A serious migration – reacting to the UKIP manifesto

15 April 2015

The 2015 UK Independence Party manifesto launch marks something of a watershed for the party.  Their far longer, far more esoteric 2010 manifesto is roundly dismissed by Nigel Farage as “drivel”, and long gone are policies such as making London Underground’s Circle line circular again, and enforcing a dress code for taxi drivers.

This is a party seeking to get serious about the two core issues in its policy stable that, according to most reliable polling, are the barometers of its continuing appeal to its core vote – Europe and immigration.  But how serious are their proposals?

On Europe, UKIP has to steer a tricky course.  Although the party’s populist “grand narrative” of EU waste and profligacy identifies the EU as the source of the various ills it ascribes to excessive migration, it has now to contend with broadly unified business opinion that views the possibility of a UK exit from the EU with scepticism, and in some quarters, dismay.  The manifesto pledges an immediate referendum and that if this is won (UKIP commit to backing an exit vote), that the UK would be able to leave within two years.  This policy alone is not markedly different from their 2010 commitment.

On immigration, UKIP have placed great stock in seeking to emulate the Australian “points style” migration system.  The UK of course already operates a variant of a points based system as do most advanced economies; what is quantitatively different is the party’s commitment to extend this system to European migrants to the UK, and its aspiration in terms of numbers.  The new manifesto commits to a range of “normality” of between 20,000 and 50,000 net migrants per year, down from the current 300,000, managed in part via a cap on visas issued.  The party is mindful of the coalition’s difficulties in achieving pre-2010 quantified targets on numbers.  This is less sharp than the 50,000 cap pledge UKIP made in 2010, but remains a bold ambition.  

Outside these core vote areas, UKIP makes pledges across many areas of policy – notably raising defence spending, cutting business rates and to “fully funding” social care.  UKIP has also now entered the more serious competition of seeking independent validation of its various spending commitments.

Populist rhetoric aside, the defence spending commitments, signalling infrastructure and operational investments equivalent to 2% of GDP p/a, plus post-service employment commitments for Armed Forces personnel, perhaps signal a growing appreciation of the employment, skills and labour market dynamics affecting particular sectors of employment in the UK.  The same might be said of the party’s emerging ideas on offender learning, a big area of work for NIACE over the years, where UKIP now propose specifically to pay qualified prisoners to teach basic skills to other prisoners.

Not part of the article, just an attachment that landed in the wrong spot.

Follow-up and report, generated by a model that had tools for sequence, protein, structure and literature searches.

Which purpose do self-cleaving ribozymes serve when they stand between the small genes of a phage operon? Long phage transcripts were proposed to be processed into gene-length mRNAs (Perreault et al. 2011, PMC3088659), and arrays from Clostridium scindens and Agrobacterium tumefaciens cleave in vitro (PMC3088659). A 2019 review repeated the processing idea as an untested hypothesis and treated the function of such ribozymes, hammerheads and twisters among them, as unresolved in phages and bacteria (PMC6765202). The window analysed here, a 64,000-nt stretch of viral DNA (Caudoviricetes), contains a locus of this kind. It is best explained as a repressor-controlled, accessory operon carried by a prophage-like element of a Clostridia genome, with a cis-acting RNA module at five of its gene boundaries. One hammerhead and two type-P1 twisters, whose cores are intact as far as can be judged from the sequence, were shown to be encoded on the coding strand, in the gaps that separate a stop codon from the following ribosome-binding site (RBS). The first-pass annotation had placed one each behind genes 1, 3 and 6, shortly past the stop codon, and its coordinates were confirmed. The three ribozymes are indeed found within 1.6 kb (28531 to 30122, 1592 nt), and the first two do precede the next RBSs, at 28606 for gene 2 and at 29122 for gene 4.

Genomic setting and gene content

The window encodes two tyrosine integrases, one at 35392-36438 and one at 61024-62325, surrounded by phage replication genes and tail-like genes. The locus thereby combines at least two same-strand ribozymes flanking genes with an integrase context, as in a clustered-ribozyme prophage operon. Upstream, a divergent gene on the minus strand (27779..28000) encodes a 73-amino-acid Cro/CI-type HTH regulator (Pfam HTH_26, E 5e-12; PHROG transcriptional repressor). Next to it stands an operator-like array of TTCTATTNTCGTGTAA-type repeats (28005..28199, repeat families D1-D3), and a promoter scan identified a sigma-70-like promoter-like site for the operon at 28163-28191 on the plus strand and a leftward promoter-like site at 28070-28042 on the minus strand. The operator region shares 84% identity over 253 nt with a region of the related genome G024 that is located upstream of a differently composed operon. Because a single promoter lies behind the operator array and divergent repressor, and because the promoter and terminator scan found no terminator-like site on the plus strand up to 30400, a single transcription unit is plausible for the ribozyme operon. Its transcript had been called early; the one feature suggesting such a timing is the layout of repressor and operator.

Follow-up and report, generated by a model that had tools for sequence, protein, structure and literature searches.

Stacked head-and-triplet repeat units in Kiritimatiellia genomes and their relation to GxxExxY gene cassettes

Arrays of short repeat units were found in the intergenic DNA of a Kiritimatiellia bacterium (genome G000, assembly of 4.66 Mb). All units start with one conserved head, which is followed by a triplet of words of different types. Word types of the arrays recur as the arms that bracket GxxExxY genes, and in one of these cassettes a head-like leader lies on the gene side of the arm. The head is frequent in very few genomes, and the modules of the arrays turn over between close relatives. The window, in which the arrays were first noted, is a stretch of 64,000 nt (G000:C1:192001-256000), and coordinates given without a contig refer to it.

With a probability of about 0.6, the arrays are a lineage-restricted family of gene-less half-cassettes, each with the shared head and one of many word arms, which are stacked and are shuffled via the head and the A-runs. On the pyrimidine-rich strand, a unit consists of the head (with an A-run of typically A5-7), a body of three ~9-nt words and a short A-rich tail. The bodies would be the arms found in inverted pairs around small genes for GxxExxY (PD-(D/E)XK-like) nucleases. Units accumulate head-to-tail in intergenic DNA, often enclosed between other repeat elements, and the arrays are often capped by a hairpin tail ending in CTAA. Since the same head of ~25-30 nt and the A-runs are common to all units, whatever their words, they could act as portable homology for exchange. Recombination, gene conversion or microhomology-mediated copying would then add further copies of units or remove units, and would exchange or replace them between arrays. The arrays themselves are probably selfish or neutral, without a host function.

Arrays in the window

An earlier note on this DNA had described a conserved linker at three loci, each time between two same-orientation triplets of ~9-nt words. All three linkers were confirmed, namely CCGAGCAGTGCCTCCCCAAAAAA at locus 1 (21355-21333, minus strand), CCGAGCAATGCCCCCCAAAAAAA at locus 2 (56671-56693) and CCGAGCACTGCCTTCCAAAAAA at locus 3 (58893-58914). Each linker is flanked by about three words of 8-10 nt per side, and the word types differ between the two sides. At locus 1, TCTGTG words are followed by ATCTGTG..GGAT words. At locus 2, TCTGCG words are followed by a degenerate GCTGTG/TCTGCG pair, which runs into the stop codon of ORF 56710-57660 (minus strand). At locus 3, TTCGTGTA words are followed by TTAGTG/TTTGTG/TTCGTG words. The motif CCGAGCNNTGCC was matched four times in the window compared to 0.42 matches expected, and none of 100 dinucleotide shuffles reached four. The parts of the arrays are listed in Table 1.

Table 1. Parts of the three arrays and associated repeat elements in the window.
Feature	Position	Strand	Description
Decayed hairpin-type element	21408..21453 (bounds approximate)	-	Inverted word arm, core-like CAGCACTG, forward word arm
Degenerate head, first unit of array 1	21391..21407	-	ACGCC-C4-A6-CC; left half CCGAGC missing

These commitments aside, many of the other UKIP education and skills commitments – such as on apprenticeships for 14 year olds, undergraduates and tuition fees, and on schools – as with many of the other main parties, remains in our view too heavy in emphasis on the needs of young people alone, as opposed to the needs and priorities for adult skills and employment across the working age population.

The crux of our challenge to UKIP in discussions with the party will be around the appreciation of a flexible system for managing migration that reflects the true net benefits migration brings to the UK economy, alongside the responsibilities of migrants to play a full and productive role in UK society, and the role for lifelong learning and in work progression as the backdrop to sustainable and equitable economic growth.

Our recent policy solutions paper on migration set out this challenge in full, calling for:
•    changes to the benefit system to require everyone in a household in receipt of benefits with an English language need to learn English;
•    significant expansion in the number of English classes, refocusing current public investment on entry levels and introducing loans for learning beyond this;
•    greater power for local areas to promote integration and support local opportunity; and
•    changes to the immigration cap so more highly skilled people can stay and work in the UK.

Alongside this, we are certain UKIP will welcome a robust debate on our ideas on low pay and career progression, also published in the last month, in the context of their macroeconomic commitments in the manifesto.  We are now looking forward to a good debate with UKIP and the other parties after the general election to try to make the positive and economically essential aspects of this vision a reality.